On-pump beating-heart coronary artery bypass grafting for acute myocardial infarction.Ann Thorac Surg. 2006 Feb; 81(2):573-6.AT
The early results of emergent coronary artery bypass grafting by conventional operative method for acute myocardial infarction are reported to be poor. The purpose of this study is to evaluate on-pump beating-heart coronary artery bypass grafting for acute myocardial infarction.
Thirty-one patients with acute myocardial infarction underwent emergent surgery between January 1998 and June 2004 at Nayoro City General Hospital. In 16 patients, on-pump surgery was performed on the arrested heart, and in the other 15, on-pump surgery was performed on the beating heart. Early results were compared between the two groups.
Preoperative and perioperative patient characteristics revealed no significant differences between the two groups. Although there was no statistically difference between the two groups, the early mortality rates of on-pump arrested-heart coronary bypass grafting (31.3%) was higher than that of on-pump beating-heart coronary bypass grafting (13.3%). Postoperatively, the creatine kinase myocardial band value for the on-pump beating-heart group was significantly lower than that for the on-pump arrested-heart group (221 +/- 200 IU/L versus 666 +/- 540 IU/L, p = 0.008). The incidence of postoperative acute renal failure was significantly higher in the on-pump arrested-heart group than in the on-pump beating-heart group (p = 0.034). The durations of ventilator use and inotropic agent use were longer in the on-pump arrested-heart group than in the on-pump beating-heart group, though the differences were not statistically different (p = 0.152, p = 0.223).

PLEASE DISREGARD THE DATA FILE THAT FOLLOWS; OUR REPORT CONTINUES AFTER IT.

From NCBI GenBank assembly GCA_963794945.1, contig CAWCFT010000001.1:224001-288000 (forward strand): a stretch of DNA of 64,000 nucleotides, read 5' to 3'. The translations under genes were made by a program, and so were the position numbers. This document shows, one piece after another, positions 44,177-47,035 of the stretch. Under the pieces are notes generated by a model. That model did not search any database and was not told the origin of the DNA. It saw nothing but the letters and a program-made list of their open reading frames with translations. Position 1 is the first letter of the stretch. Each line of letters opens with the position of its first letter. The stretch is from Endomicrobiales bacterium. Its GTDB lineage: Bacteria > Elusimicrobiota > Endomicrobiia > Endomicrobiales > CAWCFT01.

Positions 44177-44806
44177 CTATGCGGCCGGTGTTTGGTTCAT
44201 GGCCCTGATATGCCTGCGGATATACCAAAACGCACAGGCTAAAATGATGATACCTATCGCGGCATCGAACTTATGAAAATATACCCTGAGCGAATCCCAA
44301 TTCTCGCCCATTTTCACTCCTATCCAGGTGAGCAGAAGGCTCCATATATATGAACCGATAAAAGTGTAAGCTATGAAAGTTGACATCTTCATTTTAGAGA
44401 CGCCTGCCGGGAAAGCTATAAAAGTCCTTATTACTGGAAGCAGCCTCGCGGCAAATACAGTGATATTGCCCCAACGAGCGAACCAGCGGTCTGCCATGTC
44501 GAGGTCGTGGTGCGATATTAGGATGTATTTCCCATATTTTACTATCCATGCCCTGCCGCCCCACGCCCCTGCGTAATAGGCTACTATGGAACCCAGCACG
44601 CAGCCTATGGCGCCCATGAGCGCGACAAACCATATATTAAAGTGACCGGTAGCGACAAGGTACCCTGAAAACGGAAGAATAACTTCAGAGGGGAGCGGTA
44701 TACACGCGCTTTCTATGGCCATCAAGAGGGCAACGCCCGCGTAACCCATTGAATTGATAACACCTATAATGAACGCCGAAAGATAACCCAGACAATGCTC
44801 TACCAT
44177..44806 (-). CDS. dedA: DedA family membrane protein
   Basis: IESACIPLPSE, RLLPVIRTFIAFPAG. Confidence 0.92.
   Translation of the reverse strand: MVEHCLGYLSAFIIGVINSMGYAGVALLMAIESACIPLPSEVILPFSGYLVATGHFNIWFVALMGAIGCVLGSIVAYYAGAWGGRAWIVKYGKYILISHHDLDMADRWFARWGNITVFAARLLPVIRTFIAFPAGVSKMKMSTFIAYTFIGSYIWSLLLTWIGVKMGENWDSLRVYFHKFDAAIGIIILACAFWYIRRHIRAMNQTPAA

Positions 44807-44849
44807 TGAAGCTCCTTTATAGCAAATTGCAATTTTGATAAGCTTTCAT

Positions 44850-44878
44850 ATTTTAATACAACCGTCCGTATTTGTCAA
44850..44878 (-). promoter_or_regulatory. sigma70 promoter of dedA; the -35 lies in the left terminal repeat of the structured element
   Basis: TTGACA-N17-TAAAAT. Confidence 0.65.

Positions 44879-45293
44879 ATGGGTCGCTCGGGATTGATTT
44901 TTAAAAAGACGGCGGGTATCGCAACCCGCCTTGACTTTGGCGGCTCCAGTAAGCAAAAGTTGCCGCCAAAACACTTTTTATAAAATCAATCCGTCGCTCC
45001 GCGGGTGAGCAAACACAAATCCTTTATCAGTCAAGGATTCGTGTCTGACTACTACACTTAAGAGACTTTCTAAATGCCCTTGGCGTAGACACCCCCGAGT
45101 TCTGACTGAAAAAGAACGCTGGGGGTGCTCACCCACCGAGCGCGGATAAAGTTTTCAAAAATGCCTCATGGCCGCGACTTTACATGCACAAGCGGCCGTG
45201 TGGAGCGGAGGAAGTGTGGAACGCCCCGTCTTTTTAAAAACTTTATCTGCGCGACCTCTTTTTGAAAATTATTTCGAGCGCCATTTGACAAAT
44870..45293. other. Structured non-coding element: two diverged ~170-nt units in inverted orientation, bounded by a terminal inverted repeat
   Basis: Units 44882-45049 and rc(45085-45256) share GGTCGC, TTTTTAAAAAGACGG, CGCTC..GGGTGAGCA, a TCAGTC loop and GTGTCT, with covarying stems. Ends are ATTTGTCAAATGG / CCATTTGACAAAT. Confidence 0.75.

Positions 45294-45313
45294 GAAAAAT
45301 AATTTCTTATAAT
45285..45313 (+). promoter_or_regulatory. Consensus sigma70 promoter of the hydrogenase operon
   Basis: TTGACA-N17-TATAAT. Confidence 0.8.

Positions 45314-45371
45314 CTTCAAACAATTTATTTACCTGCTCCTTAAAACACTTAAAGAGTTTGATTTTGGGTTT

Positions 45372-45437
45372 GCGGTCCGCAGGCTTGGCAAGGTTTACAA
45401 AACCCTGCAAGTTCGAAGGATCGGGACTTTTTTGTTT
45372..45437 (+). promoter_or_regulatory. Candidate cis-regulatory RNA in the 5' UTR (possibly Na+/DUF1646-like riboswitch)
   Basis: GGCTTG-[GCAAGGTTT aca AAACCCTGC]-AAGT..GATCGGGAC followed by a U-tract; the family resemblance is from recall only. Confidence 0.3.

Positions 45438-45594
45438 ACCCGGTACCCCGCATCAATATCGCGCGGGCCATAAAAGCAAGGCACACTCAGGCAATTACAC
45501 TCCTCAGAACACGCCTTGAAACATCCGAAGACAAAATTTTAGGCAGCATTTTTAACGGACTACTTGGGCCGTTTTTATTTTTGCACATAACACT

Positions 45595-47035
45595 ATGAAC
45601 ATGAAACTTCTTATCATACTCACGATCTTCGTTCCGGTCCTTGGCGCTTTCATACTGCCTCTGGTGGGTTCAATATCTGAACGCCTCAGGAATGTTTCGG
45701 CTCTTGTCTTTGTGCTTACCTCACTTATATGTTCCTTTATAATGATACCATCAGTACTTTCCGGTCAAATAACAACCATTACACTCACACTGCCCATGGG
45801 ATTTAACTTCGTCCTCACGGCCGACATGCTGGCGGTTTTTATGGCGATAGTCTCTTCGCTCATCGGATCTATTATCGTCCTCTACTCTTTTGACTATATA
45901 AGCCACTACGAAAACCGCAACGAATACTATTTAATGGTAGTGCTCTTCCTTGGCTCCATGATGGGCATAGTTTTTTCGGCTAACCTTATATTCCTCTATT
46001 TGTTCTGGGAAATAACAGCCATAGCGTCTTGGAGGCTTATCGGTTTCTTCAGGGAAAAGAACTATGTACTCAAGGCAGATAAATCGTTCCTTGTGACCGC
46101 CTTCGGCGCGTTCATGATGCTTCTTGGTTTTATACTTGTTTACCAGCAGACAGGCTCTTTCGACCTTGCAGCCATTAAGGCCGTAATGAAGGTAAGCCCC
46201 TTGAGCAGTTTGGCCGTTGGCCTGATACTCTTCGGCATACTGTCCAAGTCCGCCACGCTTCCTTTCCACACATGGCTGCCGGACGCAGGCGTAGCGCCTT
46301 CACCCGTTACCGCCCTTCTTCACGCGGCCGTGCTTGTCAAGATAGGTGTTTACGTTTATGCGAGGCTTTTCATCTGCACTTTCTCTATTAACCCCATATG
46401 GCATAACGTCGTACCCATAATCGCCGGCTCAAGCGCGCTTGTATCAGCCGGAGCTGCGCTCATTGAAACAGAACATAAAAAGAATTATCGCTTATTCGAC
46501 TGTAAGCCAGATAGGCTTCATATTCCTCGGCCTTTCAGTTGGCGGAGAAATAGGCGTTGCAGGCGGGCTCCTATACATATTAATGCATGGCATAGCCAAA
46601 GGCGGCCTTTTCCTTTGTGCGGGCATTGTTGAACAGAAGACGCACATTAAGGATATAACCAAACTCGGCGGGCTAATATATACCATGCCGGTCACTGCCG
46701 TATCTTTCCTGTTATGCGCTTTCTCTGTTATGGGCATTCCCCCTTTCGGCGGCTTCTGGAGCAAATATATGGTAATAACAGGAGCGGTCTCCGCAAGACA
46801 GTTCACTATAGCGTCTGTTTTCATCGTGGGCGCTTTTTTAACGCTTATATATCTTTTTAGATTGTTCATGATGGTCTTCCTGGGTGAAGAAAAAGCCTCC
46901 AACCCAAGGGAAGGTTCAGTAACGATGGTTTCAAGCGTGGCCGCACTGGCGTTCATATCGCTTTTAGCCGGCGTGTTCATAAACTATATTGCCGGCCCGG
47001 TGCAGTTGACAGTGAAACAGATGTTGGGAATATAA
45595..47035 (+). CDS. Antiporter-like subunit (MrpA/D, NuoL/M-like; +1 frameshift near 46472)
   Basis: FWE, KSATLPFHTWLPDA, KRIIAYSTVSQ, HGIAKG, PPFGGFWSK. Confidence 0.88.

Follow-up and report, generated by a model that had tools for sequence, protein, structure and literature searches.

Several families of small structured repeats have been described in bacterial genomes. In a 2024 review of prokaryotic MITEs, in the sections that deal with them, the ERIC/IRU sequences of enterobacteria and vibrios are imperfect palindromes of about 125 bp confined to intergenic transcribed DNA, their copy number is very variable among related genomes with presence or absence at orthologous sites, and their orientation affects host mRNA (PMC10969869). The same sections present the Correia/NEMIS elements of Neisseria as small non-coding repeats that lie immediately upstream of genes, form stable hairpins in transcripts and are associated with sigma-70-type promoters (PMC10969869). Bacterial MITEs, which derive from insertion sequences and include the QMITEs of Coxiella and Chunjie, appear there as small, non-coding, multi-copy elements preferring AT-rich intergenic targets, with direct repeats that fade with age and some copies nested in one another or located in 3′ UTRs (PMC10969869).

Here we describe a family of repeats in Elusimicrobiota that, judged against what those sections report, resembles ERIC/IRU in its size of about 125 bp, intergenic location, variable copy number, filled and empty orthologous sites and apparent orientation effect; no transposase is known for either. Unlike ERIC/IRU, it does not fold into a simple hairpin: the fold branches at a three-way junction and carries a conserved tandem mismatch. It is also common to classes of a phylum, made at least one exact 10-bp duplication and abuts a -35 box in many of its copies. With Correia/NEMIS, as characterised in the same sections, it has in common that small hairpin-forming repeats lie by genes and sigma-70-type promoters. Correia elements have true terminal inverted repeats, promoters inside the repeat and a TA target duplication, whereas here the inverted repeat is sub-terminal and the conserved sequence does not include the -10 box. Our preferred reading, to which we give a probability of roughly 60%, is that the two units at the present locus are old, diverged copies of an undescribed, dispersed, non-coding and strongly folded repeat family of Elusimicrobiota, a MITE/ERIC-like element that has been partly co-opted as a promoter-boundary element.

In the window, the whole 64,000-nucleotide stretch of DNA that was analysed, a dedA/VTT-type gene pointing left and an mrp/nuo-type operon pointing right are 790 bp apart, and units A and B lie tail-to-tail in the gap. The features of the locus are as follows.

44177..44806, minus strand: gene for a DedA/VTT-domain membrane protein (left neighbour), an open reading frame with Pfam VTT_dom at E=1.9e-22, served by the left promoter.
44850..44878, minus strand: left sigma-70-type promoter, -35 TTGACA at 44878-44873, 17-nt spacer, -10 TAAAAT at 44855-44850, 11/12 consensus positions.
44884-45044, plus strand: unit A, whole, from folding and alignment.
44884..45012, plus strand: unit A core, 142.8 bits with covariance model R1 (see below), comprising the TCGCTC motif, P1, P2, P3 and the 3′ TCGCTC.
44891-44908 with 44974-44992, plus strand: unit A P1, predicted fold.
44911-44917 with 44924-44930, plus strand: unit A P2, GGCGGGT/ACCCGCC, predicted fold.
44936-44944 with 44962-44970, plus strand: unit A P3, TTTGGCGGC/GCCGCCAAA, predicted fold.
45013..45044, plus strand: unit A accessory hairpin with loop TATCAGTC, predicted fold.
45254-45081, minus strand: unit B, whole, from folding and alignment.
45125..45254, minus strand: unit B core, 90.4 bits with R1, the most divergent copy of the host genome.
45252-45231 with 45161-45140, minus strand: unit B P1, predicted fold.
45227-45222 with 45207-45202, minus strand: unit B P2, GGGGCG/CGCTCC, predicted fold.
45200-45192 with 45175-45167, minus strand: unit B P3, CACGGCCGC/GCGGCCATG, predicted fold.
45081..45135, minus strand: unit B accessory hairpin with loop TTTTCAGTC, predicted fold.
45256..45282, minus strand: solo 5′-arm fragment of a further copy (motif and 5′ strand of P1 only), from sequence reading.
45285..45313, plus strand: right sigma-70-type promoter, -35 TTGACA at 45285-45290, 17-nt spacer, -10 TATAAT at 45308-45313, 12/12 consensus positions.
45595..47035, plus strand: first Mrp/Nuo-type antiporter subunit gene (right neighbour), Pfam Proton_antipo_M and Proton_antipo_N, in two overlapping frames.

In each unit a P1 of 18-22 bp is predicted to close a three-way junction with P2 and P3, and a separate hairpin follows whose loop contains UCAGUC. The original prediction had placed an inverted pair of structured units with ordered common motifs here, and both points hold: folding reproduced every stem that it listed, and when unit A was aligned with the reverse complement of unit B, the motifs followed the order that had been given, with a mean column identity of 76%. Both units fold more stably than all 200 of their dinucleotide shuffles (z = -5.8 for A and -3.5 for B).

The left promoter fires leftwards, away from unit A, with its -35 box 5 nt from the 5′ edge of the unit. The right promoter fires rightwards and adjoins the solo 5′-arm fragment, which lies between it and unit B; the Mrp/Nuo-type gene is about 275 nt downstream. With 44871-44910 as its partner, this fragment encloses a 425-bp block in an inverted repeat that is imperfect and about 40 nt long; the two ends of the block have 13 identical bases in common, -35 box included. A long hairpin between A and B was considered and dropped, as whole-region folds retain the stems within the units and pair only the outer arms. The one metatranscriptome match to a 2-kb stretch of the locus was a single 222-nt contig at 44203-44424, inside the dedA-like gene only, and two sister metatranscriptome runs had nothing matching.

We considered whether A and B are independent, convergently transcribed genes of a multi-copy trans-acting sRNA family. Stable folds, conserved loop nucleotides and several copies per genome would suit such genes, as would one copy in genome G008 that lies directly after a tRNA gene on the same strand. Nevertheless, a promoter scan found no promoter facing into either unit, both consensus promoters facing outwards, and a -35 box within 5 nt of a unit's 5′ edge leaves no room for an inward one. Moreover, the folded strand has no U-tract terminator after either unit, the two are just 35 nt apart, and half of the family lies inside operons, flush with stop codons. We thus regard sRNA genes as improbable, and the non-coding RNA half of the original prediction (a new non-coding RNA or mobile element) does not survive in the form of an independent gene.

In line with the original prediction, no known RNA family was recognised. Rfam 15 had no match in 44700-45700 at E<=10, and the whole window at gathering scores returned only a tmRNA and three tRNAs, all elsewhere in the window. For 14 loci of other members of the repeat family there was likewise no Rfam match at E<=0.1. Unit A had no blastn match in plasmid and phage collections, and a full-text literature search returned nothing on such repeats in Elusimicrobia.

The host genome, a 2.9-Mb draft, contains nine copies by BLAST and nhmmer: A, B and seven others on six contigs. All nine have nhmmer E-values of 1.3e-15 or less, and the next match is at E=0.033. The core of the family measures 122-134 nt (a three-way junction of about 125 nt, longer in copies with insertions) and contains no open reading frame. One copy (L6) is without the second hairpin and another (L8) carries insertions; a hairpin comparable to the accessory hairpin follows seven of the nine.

On-pump beating-heart coronary artery bypass grafting has the possibility to eliminate intraoperative global myocardial ischemia and to be an acceptable surgical option for acute myocardial infarction associated with lower postoperative mortality and morbidity.